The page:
MAYOR of Clare, Councillor Cathal Crowe has announced he will boycott a national commemoration service for the Royal Irish constabulary due to be held on January 17.
In a statement, Cllr Crowe said while he has no ill feelings toward any individuals that served in the RIC, he could not attend an event that “eulogised an organisation that was the strong-arm of the British state in Ireland. The RIC joined army and auxiliaries (Black & Tans) in search parties and raids that resulted in our country-people being killed / tortured or having their homes torched,” Cllr Crowe said.
The Clare Mayor’s statement reads as follows:
“I have decided to boycott the national commemoration service for the Royal Irish Constabulary (RIC) on January 17th.
“As Mayor of Clare I was invited to attend the event by the Minister of Justice. In the main, I think all of the government’s state commemorations have been apt and tasteful but I see the commemoration of the RIC as a step too far.
“I studied it for 4 years at the University of Limerick and blog regularly about local history on my social media pages. I am also a committee member of a War of Independence commemoration committee in my home parish of Meelick-Parteen.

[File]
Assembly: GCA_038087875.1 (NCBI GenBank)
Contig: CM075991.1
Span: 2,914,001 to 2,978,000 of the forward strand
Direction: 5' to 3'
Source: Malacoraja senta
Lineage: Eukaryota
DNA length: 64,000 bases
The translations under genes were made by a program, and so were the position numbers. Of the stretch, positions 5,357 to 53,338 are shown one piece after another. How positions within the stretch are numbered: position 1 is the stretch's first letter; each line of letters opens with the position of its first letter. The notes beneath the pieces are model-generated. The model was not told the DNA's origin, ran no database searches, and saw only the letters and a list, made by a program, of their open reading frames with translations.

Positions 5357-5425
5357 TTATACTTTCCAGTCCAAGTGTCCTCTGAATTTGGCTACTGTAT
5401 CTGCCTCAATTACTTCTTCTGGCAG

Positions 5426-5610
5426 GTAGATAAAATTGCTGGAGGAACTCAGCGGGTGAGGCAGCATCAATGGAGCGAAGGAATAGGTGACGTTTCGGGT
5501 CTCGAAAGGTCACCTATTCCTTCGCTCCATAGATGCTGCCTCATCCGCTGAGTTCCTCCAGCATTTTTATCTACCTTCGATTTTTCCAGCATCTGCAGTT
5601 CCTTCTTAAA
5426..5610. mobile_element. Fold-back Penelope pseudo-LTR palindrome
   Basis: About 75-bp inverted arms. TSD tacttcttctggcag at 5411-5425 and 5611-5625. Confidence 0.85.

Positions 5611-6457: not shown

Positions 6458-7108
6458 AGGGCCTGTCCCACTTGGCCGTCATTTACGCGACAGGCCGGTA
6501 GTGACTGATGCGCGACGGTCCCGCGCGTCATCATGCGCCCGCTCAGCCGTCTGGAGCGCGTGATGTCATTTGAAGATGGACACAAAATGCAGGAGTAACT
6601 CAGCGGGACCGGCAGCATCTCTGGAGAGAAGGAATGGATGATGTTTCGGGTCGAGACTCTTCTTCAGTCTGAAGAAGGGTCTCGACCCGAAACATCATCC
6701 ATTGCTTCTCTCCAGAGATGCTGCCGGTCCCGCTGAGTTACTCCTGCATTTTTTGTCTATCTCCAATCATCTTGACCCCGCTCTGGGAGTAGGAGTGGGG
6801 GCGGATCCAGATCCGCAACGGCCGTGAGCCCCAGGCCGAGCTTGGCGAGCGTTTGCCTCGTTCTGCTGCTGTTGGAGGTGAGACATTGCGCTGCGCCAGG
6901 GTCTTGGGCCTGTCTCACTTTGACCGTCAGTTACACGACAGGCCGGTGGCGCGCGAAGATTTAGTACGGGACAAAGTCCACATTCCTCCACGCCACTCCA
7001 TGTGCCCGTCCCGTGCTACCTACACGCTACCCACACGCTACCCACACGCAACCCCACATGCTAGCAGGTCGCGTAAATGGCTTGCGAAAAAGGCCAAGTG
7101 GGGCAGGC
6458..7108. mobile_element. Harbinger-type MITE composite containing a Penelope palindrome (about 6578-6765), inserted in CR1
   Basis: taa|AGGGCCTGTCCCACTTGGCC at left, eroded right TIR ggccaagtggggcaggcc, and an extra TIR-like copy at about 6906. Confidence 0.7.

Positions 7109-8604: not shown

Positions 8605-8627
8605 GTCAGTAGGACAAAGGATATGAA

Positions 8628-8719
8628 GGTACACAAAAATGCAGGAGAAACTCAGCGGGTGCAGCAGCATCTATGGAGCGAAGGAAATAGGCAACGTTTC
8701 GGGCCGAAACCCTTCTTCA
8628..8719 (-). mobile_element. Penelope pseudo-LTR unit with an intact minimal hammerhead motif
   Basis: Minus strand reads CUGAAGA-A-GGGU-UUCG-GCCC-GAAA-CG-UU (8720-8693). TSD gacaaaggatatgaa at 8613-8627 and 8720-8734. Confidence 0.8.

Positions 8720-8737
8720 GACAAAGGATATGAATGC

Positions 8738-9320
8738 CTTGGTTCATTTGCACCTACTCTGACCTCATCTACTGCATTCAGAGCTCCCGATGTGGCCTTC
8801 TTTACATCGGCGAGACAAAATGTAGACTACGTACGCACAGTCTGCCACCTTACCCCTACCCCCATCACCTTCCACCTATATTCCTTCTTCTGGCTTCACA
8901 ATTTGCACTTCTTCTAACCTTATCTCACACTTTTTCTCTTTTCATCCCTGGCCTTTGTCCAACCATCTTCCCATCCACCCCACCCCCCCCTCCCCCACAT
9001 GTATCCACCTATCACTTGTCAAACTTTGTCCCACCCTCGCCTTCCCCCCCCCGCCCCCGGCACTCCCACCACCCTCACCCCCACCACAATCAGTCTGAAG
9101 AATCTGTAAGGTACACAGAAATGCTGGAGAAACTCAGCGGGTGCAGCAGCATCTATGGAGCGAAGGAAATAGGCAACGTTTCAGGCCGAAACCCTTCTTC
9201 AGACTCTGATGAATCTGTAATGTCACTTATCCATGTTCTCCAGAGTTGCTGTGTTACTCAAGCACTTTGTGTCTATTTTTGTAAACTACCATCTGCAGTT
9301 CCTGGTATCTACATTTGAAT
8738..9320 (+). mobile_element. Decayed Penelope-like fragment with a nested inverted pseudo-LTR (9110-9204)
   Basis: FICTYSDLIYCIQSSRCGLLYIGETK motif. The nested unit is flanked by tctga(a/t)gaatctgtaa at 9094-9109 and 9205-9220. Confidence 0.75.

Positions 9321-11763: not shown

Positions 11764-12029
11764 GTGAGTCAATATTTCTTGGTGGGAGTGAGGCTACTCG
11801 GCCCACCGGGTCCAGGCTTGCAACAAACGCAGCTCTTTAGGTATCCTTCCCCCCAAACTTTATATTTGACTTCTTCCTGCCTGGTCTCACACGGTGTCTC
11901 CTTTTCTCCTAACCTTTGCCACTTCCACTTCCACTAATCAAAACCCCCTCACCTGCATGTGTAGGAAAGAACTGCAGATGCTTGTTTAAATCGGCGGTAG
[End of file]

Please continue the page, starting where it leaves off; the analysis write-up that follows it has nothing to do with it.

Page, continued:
“I don’t hold any ill feeling towards the individual men who served in the RIC Division of Clare – many of them were decent people who were guided by the their strong civic and law-abiding principles. I do however think it’s wrong to celebrate and eulogise (I consider “commemorate” to be a verb with positive connotations) an organisation that was the strong-arm of the British state in Ireland. The RIC joined army and auxiliaries (Black & Tans) in search parties and raids that resulted in our country-people being killed / tortured or having their homes torched. In the 1800s the RIC were present with battering rams as poor Irish tenants were forcefully evicted from their ramshackle homes.
“A further issue I have with the state commemoration is that An Garda Síochána will be central to the entire event. The guards have my full and upmost respect but I don’t believe that historically or ethically they should seek to claim any form of descent from the RIC. The Irish defence forces see themselves as a totally distinct organisation from the British army.
“I honestly believe that Ireland, her government and her people have thus far sensitively commemorated all of the seminal events of the Decade of Centenaries but commemorating the RIC is definitively an overstretch. It’s also historical revisionism gone too far.”